Noodler's North African Violet is a V-Mail series ink and it is, of course, purple. V-Mail inks are a collection of inks from Noodler's, with "vintage qualities" though I'm a bit unclear as to what that means exactly. All I know is that the term "V-Mail", which stands for Victory Mail, was used during World War II.
I did not buy an entire bottle of North African Violet because I just wanted to give this ink a try first. Besides, I'm not big on purple ink. So I got a sample from Goulet Pens. A sample is the perfect size for such a review.
I tested North African Violet in my Noodler's piston filler fountain pen, which I only considered fitting seeing that they are from the same brand.
From what I had seen in other reviews, North African Violet is a lovely purple and I wasn't disappointed. Truth be told, I was also attracted by the "V-Mail" label and was curious to see what vintage characteristics this ink exhibits. Since I'm not an ink expert, I can tell you right away that I have no idea how a vintage ink is supposed to look or behave.
This was the first (and only) purple ink I tested so far and it was a good one. It has a deep, rich tone, though it is relatively flat without much shading. The color makes me think of dark grapes but that's maybe not accurate. What's certain is that it is very saturated and I like that in an ink. I'm sure it could be diluted with water to a great extent and it would still write strong.
One thing that I found very curious is that I couldn't get a good photo of Noodler's North African Violet. That's very strange indeed because usually when I shoot inks, the resulting photo is at least similar to the actual ink. In this case however, instead of violet, every single photo turned out blue, not matter how I adjusted the exposure or the white balance. In the end I had to adjust all the photos manually from software to get the color to look close to the original. As a result, the samples shown here may not be 100% accurate.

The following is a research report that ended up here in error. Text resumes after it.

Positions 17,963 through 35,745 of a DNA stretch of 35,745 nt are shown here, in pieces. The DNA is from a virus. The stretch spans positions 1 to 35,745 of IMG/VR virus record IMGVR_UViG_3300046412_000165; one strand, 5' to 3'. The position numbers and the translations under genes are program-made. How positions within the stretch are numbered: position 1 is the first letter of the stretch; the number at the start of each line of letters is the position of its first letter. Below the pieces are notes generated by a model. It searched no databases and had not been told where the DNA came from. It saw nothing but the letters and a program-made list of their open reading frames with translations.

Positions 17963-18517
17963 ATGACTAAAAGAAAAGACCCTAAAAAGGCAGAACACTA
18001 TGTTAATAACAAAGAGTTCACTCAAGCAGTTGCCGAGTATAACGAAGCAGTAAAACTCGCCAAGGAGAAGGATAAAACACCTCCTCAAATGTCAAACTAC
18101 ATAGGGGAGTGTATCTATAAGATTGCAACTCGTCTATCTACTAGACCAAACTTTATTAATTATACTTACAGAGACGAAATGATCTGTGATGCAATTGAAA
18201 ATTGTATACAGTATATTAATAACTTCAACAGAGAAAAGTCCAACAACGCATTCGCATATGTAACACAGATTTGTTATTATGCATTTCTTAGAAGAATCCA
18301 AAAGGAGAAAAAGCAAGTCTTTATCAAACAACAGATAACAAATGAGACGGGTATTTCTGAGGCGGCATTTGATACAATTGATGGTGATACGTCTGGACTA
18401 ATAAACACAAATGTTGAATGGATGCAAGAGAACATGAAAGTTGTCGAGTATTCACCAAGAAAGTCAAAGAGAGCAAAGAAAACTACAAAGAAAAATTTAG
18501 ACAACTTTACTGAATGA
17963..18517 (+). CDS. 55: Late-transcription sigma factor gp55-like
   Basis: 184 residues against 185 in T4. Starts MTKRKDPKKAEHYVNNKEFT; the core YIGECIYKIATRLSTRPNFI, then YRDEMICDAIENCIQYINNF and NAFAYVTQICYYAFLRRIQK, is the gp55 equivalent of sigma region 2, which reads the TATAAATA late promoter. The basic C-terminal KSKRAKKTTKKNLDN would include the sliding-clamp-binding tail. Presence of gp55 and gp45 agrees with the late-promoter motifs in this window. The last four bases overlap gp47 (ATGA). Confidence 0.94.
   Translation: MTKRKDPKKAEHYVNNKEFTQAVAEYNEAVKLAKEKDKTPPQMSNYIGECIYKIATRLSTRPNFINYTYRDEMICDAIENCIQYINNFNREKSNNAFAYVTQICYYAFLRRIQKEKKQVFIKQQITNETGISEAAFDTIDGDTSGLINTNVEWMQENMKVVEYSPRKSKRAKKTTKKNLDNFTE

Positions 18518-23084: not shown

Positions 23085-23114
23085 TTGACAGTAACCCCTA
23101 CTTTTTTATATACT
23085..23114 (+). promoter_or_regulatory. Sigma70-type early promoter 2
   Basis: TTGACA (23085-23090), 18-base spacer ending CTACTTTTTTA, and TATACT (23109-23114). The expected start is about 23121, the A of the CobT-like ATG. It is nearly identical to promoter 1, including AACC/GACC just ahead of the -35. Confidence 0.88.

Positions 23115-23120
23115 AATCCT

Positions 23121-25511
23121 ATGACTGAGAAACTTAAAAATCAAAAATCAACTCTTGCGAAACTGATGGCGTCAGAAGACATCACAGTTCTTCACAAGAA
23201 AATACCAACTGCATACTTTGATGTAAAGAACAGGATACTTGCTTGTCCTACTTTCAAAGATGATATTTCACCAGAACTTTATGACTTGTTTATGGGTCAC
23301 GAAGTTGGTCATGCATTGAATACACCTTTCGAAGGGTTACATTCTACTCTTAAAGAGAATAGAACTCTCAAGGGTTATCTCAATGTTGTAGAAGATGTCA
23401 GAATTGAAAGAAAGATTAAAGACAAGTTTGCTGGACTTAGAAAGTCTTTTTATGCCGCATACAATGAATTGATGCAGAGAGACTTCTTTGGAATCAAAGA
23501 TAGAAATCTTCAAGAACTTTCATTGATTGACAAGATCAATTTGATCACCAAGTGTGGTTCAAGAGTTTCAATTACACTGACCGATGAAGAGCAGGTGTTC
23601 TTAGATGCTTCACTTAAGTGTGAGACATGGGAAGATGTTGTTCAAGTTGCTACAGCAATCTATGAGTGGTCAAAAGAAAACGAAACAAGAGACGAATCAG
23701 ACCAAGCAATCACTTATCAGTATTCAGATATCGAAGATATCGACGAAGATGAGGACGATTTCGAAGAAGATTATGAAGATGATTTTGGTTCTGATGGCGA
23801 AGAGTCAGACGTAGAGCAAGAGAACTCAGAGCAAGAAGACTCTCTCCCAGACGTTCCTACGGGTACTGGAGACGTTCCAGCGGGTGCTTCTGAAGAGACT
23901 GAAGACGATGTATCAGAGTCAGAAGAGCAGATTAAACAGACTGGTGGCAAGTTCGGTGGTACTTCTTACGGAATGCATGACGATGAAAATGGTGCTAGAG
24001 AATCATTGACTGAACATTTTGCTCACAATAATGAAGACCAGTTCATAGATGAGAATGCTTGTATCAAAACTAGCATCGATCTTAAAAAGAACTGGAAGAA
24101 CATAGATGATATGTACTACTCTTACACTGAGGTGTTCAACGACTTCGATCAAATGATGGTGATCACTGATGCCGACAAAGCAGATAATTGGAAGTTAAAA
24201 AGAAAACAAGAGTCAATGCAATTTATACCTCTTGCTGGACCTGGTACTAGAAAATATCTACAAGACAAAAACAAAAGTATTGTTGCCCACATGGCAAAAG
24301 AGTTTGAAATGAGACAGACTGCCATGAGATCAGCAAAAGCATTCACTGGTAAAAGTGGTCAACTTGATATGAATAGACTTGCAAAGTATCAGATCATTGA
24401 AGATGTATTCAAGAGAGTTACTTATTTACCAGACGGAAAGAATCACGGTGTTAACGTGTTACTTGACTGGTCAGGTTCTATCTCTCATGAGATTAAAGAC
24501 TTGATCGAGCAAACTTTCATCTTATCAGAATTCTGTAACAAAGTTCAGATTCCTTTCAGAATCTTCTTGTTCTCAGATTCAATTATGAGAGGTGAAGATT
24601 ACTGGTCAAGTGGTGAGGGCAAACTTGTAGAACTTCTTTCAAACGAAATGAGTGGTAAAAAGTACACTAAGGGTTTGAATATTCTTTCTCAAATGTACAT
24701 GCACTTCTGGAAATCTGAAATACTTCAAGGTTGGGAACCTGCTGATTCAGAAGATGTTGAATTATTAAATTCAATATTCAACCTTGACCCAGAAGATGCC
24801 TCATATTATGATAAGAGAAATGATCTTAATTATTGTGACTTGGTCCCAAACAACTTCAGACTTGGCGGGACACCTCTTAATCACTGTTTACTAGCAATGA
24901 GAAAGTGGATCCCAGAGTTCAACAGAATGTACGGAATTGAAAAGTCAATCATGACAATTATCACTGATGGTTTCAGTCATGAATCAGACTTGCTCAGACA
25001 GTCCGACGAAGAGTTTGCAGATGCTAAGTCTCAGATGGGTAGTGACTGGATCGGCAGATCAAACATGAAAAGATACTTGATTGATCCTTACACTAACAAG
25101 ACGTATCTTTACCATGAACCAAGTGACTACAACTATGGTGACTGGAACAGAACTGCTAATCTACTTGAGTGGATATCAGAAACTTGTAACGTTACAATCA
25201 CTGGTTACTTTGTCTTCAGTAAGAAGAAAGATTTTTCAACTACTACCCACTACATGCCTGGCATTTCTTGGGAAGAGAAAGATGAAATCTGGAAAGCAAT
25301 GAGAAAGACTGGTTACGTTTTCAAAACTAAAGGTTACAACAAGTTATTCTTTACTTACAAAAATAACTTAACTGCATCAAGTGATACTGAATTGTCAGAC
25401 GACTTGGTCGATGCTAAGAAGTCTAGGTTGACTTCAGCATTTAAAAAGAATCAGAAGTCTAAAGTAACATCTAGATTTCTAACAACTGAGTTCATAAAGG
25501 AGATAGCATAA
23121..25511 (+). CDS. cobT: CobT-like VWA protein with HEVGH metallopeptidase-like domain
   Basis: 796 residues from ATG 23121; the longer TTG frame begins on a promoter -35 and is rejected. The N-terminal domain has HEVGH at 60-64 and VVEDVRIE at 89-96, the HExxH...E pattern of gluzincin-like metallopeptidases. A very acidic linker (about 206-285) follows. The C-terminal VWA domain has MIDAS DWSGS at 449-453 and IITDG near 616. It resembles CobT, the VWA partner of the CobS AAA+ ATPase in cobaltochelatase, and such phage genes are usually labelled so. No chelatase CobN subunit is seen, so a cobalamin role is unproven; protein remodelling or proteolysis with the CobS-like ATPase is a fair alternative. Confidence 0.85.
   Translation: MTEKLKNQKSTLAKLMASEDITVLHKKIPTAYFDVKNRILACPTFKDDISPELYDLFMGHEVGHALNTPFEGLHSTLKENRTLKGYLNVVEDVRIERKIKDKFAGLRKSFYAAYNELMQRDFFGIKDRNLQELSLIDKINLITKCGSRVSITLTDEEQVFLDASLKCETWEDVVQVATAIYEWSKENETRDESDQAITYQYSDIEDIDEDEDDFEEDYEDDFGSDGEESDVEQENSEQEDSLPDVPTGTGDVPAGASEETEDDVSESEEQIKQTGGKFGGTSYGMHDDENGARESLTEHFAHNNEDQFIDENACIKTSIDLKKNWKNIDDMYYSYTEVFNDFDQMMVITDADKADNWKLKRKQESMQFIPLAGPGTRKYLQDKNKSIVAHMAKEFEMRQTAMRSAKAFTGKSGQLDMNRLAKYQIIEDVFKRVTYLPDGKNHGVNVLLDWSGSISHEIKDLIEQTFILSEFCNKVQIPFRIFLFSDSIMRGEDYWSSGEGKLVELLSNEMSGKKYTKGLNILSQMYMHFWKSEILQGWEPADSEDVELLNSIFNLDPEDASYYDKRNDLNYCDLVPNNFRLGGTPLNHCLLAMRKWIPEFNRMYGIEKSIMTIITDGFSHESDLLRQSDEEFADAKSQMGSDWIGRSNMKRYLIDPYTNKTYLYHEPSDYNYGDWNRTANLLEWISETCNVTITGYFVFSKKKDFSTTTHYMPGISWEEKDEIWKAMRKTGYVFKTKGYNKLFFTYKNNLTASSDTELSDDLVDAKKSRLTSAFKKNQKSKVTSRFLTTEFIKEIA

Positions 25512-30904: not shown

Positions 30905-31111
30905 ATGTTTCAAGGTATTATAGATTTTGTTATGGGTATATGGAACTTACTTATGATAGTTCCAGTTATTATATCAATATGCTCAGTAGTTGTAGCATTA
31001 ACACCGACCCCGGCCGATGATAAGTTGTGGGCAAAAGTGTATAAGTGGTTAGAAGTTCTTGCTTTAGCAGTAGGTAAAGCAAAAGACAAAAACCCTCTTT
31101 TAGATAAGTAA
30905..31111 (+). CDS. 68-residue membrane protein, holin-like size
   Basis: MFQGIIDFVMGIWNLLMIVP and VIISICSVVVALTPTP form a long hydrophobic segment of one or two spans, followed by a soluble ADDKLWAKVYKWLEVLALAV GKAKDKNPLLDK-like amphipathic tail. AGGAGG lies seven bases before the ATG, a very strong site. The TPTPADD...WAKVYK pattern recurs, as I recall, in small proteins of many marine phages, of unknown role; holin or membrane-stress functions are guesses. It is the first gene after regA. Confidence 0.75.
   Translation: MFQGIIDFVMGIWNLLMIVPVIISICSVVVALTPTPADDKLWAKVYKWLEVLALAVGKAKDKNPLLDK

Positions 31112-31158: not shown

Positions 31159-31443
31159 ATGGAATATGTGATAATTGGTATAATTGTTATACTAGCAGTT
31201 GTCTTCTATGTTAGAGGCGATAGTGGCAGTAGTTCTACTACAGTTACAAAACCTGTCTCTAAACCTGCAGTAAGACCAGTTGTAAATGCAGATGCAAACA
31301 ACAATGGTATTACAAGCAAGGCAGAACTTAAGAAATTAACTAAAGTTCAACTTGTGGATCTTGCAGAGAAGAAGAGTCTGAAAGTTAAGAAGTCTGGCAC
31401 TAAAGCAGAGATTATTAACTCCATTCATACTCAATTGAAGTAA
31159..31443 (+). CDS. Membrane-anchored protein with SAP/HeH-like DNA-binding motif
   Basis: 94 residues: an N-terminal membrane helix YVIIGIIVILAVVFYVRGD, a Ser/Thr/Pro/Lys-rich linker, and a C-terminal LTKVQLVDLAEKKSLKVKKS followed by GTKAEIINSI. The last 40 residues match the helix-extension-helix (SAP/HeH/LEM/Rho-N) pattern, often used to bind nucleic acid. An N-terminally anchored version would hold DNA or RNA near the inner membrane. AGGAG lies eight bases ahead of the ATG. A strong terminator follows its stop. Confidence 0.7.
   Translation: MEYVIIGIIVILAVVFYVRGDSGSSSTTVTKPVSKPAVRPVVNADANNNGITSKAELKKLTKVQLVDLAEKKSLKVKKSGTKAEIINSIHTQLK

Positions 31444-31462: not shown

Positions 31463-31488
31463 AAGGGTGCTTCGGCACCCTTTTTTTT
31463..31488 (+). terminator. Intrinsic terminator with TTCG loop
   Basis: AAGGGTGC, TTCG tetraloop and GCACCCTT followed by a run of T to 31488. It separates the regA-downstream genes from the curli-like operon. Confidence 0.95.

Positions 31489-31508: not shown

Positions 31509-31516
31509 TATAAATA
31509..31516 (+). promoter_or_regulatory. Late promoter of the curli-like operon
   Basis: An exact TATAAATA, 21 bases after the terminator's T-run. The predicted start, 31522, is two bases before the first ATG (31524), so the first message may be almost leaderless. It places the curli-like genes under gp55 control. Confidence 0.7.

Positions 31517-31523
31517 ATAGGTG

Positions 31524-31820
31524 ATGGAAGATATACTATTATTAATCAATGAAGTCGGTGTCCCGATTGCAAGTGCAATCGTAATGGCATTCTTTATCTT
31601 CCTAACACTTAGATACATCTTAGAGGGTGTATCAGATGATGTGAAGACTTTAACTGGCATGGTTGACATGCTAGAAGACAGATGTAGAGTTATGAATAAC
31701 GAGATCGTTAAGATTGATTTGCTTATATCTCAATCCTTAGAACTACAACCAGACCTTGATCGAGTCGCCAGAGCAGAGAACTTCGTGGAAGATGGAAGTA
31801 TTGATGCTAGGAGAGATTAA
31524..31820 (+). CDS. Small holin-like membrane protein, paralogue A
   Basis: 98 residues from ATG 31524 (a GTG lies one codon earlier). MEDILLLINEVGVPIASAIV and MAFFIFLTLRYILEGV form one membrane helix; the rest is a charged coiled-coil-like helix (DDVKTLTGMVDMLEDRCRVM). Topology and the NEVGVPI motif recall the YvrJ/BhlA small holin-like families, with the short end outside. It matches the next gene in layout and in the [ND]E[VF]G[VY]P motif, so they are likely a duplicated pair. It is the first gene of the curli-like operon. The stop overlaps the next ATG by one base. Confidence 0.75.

The ink flowed well in the Noodler's pen but it did tend to dry up, though I think that's more of a flaw of the fountain pen.
Drying times are moderate but it depends on the type of paper used. Higher quality paper almost always gives a longer drying time as you can see from the Rhodia which took ages to dry.
A great characteristic of this ink, which I wasn't expecting, is the good water resistance. As you can see from the sample written on photocopier paper, Noodler's North African Violet is almost waterproof. Some of it does wash off but I'm sure that's just the layer which hasn't bonded well with the cellulose.
Unfortunately there's also a "dark side" to North African Violet. It likes to stain fountain pens and it stains them really well. At least that is what happened to my Noodler's piston filler. I admit that part of the blame lies with me because I left the ink a long time in the pen without using it, until it dried up. But when I tried to clean the pen (which is a clear demonstrator), I couldn't. It remained stained purple. And, as you will see in a future article, I ended up destroying my Noodler's pen as a result.
To wrap up this review, if I were to buy a whole bottle of purple ink, Noodler's North African Violet would be it. I absolutely adore the color, saturation and richness of this ink. Its water resistance is a very pleasant bonus and something that I find desirable in a good ink. The only disadvantage to North African Violet is its staining capabilities. This means that I don't recommend it for use in clear demonstrators. Instead, dedicate a pen only to this ink, or use a fountain pen which doesn't show the ink reserve, or use the ink to refill a cartridge.
Here are the two samples on plain photocopier paper and Rhodia 80g paper.